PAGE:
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  1. #1
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    Buy Meat not Wheat

    • Wheat’s biggest bull market could be about to end badly
    • Why you should buy meat, not wheat
    • RECOMMENDED ARTICLE: Northern Rock: a lesson for shareholders... An easy way to earn profits like Buffett...
    From Dominic Frisby, in London
    Dear Q
    You may not have realised it, but one commodity is currently seeing the greatest bull market in its entire history. Not gold, not oil – but wheat.
    From its low of $2.40 in late 1999 to yesterday’s high above $12 is an eight-year, near-400% move. Wheat has never moved up so much.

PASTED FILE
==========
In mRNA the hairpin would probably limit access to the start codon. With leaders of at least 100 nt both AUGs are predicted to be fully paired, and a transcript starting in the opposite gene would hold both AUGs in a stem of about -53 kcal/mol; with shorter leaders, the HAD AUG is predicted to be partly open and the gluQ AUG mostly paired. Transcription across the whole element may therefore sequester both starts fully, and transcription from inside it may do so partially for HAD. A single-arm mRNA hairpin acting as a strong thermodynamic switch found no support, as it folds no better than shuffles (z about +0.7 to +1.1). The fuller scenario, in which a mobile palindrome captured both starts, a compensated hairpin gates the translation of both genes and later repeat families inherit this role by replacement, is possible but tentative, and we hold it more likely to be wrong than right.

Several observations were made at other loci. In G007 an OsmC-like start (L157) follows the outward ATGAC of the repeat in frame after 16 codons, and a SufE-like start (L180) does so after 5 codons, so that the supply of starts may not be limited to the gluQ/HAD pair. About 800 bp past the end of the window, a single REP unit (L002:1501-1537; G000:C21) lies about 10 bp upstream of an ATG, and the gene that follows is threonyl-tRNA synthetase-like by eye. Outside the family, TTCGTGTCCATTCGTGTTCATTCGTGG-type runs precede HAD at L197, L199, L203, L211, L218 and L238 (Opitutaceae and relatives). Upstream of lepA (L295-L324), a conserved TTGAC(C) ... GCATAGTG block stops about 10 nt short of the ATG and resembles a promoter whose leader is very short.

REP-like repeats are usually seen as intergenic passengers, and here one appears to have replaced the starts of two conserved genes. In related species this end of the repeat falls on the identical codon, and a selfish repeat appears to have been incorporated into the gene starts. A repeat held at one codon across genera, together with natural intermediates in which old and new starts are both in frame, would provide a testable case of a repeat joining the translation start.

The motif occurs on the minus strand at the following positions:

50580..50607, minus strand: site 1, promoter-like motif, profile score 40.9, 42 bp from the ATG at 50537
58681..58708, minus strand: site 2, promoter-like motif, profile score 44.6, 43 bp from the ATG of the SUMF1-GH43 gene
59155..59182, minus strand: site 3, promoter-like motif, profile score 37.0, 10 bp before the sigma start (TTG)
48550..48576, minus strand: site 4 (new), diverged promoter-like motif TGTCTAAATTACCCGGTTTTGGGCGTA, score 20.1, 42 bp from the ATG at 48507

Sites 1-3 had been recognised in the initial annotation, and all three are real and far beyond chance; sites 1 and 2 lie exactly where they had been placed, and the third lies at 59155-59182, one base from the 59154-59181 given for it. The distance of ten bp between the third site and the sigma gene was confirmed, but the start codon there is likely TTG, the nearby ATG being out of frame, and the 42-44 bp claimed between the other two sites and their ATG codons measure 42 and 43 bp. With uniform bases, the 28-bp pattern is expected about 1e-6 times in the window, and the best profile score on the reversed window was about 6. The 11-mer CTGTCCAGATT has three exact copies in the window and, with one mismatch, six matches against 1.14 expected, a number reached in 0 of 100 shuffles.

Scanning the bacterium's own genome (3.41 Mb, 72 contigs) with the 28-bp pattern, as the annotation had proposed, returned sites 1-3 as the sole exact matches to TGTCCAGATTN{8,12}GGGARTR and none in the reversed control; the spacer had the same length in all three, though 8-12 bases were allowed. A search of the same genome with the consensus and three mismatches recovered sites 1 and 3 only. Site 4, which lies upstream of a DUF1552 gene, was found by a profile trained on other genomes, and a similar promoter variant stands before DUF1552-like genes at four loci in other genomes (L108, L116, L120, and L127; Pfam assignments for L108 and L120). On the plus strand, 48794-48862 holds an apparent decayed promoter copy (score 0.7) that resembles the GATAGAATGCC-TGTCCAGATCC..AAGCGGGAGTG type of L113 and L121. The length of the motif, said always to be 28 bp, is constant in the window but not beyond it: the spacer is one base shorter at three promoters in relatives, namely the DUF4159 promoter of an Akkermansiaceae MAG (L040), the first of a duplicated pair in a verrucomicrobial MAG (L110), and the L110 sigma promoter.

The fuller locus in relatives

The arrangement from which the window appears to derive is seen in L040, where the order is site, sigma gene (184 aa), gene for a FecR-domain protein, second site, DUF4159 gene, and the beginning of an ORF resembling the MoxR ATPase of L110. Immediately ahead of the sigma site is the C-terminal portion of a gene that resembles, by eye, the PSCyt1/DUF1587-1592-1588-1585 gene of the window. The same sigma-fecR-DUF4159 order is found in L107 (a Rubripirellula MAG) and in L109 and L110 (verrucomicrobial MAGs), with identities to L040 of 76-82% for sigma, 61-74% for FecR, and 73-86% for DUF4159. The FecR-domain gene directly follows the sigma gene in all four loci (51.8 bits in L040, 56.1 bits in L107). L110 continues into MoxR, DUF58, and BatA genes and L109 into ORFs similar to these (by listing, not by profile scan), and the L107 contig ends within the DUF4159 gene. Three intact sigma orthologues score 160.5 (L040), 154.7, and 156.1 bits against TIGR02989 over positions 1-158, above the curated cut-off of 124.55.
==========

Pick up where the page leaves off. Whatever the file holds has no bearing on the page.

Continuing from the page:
I don’t mean to sound like a harbinger of doom, or perhaps I should say Grim Reaper, but the whole grains sector – whether it’s wheat, corn, soybeans, barley, whichever – has become worryingly reminiscent of uranium this time last year.
    The shorting opportunity of a lifetime may be just around the corner…


    From boom to bust in uranium
    First let me recap on what happened to uranium. By the end of 2006, come New Year prediction time, uranium was the hot tip for 2007 (just as grains were this year). For five years or more the price of uranium had crept up beautifully, without anyone appearing to notice. Then suddenly in October 2006 the well-documented flood at Cameco’s Cigar Lake mine made the headlines and everyone began talking uranium. “Supply can’t match demand,” declared the bulls. “China’s building so-many thousand nuclear power plants a year,” they went on. “Where’s the uranium going to come from?” “It takes ten years to get a uranium mine into production”; “Nuclear power is the only answer to the coming energy crisis”, and so on.